Investigating what occurs when a woman’s identities as a Christian and an embodied sexual individual collide, this study draws from conversations with more than 30 Protestant women, exploring how both religious values and communities—as well as social class and race—shape women’s sexual experiences. In their stories, these women reflect on how they handle conflicts between their religious views and sexual desires, revealing how they satisfy those natural urges while simultaneously negotiating a conservative Christian message along with more liberal, secular morals. Although the concept of the “good girl” is a common thread throughout these narratives, many of the subjects surprisingly challenge the notion of “no sex before marriage,” perceiving their sexuality and insights into their church community as a means to oppose systems of patriarchy that persist in these spaces.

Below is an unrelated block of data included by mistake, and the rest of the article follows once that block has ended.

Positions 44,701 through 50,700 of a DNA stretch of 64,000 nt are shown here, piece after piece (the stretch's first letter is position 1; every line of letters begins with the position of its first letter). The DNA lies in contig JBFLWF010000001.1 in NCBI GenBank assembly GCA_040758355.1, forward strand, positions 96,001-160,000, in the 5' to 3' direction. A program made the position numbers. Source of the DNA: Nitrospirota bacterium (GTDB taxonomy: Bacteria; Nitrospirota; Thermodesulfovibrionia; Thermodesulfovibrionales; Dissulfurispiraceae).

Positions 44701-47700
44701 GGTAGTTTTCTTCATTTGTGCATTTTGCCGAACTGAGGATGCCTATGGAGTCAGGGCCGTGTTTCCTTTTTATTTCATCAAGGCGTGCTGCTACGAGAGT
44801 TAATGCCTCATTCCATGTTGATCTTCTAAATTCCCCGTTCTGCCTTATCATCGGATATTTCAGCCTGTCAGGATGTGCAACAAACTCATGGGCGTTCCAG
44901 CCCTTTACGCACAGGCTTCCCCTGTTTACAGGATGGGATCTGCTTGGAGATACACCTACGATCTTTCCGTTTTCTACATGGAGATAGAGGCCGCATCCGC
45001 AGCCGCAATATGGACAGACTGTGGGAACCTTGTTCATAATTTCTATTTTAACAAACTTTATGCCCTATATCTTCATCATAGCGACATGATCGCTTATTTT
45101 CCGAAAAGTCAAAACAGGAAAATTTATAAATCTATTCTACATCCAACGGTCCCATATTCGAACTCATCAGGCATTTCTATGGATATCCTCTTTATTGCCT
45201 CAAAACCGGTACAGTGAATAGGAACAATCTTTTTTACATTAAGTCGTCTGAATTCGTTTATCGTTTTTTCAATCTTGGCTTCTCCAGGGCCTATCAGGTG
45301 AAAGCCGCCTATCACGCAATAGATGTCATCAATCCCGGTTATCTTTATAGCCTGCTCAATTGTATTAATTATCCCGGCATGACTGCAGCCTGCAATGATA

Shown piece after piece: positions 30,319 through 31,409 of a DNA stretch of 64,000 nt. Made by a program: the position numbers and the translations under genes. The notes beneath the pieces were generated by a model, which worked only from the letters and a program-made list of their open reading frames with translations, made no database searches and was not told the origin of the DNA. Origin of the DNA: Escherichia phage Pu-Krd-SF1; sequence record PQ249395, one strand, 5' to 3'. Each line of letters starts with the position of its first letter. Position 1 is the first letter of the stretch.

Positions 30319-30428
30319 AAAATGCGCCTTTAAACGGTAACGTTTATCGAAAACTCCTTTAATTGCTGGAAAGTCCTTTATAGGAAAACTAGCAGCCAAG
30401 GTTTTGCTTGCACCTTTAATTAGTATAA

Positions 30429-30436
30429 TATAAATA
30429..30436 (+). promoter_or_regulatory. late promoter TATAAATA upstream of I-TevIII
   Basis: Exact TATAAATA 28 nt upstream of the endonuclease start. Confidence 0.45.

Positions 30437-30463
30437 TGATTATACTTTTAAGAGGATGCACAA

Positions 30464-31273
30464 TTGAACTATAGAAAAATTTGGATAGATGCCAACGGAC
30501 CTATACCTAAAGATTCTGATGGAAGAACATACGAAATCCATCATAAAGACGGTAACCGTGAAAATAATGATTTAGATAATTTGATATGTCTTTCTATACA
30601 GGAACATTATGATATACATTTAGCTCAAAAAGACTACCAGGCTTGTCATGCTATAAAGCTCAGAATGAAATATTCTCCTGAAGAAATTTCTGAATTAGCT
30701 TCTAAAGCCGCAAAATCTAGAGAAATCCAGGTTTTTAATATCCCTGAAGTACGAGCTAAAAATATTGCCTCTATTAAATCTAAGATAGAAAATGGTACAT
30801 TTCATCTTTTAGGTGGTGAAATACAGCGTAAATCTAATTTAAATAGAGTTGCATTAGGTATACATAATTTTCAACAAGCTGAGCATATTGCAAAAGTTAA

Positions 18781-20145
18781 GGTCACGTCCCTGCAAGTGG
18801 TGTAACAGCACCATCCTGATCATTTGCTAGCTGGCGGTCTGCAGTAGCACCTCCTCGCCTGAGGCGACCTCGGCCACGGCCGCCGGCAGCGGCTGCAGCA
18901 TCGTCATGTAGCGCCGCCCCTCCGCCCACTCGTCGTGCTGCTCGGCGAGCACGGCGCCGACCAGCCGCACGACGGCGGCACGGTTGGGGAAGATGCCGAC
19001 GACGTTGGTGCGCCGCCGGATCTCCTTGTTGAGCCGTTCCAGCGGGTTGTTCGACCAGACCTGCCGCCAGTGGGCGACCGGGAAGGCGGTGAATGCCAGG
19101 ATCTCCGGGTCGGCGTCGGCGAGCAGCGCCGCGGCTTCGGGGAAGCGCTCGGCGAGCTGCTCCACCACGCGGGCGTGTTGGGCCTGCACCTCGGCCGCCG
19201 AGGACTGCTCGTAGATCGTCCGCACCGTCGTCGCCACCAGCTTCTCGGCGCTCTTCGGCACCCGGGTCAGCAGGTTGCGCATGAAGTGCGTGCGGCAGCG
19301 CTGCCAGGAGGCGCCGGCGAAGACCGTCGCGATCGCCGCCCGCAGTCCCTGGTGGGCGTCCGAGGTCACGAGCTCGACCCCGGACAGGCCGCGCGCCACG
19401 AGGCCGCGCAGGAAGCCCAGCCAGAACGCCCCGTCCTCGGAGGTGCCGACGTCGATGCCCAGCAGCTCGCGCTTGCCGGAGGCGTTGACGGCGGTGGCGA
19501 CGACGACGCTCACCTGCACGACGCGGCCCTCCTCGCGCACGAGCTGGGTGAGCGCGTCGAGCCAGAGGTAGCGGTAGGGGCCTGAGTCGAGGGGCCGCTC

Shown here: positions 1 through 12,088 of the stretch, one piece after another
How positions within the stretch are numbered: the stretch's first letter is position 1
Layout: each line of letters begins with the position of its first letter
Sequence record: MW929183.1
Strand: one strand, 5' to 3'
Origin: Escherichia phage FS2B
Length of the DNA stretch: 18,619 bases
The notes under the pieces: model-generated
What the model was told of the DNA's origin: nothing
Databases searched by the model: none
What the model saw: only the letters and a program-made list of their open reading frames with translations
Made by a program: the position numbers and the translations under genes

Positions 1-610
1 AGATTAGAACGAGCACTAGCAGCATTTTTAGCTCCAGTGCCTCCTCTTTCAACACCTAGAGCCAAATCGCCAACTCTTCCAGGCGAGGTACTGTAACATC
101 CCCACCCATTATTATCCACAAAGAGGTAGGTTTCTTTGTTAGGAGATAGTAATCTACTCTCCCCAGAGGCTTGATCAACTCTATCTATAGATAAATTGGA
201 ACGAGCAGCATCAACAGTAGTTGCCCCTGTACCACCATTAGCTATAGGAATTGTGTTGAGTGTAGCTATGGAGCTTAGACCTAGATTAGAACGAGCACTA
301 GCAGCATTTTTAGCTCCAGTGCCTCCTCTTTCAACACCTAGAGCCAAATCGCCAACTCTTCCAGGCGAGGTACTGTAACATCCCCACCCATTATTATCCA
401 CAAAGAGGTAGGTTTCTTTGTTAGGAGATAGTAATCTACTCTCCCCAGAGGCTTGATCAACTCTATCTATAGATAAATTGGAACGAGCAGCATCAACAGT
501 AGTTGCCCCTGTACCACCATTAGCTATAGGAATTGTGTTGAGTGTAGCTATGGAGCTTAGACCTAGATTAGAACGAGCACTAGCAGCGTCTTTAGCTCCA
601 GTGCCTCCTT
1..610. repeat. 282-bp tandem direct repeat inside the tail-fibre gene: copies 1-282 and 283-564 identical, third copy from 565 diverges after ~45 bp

About the Author
Sonya Sharma is a postdoctoral research associate in the department of theology and religion at Durham University. She is the coeditor of Women and Religion in the West: Challenging Secularization.